Jim Ratcliffe, the billionaire co-owner of the Ineos petrochemicals company and owner of the Ineos Grenadiers team, has given team manager Dave Brailsford his "full support" after former team doctor Richard Freeman was found guilty of ordering testosterone in 2011 'knowing or believing' it was for a rider.
Freeman worked for the team when it was known as Team Sky, as well as for British Cycling, from 2009 to 2017. He was permanently struck off the medical register last week and is also under investigation by UK Anti-Doping.
There have been calls for Brailsford to be suspended pending an investigation, with Freeman’s QC for the medical tribunal describing him as "the spectre missing at these proceedings".
However, Ratcliffe, whose chemical and plastics company has been accused of 'sports washing' over its sponsorship of cycling and other sports, dismissed the criticism of Brailsford and gave him his full backing.
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"We've all got antenna haven't we?" Ratcliffe told the Daily Telegraph. "Your antenna starts pinging if you're uncomfortable about something. My antenna doesn't start pinging when I'm chatting to Dave. Quite the opposite.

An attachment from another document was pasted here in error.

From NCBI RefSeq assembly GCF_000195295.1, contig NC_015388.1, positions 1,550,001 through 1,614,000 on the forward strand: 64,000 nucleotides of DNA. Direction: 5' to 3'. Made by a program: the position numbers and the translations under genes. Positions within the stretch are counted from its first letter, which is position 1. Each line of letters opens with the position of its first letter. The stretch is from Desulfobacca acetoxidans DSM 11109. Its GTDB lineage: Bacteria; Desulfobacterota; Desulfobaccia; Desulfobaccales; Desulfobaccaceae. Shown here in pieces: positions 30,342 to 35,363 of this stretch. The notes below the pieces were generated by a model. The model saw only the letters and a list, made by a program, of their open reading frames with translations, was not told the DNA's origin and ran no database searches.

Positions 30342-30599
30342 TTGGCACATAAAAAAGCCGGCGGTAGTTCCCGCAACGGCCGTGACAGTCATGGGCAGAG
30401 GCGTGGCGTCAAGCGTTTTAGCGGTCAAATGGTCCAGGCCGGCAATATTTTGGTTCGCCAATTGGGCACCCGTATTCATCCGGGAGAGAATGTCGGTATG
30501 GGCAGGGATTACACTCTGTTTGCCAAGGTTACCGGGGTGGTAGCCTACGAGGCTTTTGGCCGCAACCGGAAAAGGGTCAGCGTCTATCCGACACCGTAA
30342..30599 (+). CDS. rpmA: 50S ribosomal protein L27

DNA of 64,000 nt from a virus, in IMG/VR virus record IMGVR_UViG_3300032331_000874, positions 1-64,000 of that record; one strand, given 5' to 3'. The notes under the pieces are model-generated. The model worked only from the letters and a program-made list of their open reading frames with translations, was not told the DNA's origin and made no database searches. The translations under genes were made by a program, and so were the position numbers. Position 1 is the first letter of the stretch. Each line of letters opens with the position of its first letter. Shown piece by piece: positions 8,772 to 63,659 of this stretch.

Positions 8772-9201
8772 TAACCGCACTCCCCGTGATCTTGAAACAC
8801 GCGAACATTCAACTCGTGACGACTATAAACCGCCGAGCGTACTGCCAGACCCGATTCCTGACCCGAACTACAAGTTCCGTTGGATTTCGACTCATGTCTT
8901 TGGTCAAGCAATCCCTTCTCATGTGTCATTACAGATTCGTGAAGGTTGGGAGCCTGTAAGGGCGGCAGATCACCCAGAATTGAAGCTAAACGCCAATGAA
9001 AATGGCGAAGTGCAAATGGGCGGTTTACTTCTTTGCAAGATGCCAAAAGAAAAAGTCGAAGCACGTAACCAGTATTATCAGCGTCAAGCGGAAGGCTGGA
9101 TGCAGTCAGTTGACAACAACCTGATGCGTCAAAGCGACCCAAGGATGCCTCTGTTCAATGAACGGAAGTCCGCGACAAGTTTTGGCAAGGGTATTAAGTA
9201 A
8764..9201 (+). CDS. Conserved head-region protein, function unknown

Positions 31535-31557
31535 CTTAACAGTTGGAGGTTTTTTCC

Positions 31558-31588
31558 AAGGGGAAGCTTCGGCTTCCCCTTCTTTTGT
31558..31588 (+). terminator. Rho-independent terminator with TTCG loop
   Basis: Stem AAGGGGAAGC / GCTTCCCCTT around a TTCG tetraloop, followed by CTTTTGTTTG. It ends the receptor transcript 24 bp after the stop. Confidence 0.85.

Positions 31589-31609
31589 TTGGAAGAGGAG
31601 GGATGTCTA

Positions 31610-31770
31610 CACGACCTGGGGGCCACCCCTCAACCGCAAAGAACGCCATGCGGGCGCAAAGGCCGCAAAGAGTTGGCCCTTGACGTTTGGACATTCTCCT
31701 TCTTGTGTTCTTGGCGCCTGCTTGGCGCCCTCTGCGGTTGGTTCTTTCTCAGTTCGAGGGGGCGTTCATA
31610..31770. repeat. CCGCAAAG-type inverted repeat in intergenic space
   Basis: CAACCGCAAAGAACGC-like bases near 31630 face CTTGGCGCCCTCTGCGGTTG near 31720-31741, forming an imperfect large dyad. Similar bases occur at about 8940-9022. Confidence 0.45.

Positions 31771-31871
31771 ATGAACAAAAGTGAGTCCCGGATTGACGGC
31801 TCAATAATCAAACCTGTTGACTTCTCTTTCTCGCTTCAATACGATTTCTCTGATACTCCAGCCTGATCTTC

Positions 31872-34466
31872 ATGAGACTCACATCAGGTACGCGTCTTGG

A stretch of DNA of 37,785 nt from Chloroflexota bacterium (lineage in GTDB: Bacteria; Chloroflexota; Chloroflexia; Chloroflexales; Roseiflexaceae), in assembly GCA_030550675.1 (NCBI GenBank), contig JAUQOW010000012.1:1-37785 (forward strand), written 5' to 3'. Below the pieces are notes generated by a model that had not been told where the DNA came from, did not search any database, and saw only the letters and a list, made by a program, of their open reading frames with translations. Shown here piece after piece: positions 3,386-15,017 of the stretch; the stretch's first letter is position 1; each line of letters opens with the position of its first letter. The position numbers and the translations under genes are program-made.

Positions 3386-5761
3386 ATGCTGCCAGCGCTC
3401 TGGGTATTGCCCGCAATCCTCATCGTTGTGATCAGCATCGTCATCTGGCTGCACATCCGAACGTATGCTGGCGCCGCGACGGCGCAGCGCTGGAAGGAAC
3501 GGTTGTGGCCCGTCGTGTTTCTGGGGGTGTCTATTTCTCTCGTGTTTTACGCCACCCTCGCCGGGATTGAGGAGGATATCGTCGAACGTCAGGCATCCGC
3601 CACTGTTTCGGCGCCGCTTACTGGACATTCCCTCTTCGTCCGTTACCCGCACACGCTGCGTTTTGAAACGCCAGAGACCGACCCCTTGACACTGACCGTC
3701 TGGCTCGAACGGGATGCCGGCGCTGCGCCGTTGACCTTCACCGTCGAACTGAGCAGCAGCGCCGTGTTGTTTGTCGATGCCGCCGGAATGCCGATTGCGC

"I also know the riders. I know Chris Froome, I know Egan (Bernal) and Geraint (Thomas). I'd be astonished if there's any of that going on.
"I like Dave. He has my full support. Unless something came up that I was shocked by, he will continue to have my full support."
Contacted by Cyclingnews, Ineos eventually replied after several days, saying it had "nothing to add" and pointing towards the Ratcliffe comments. Brailsford, meanwhile, has remained in absolute silence since the Freeman verdict.
Ratcliffe repeated what he said when Ineos replaced Sky as a team owner and title sponsor in 2019, saying he would withdraw his funding if he found that his team had cheated. However, he preferred not to look back to the past or consider its impact on Brailsford’s reputation as team manager.
"It comes back to this debate we had when we first took over. Cycling has a mixed history, a reputation. But assuming it’s now clean as a sport, you shouldn’t consign it to the dustbin, should you?" he argued.
"Like athletics, or football, it’s a fantastic sport and that’s why, ultimately, we decided to support it. My principal concern is where we are now and how we conduct ourselves," he added.
"I was very clear, right from the beginning, that if there was ever any sense of that going on in our team, I'd walk away immediately. Nothing's changed in that regard. You haven't accomplished anything if you've done it by cheating."
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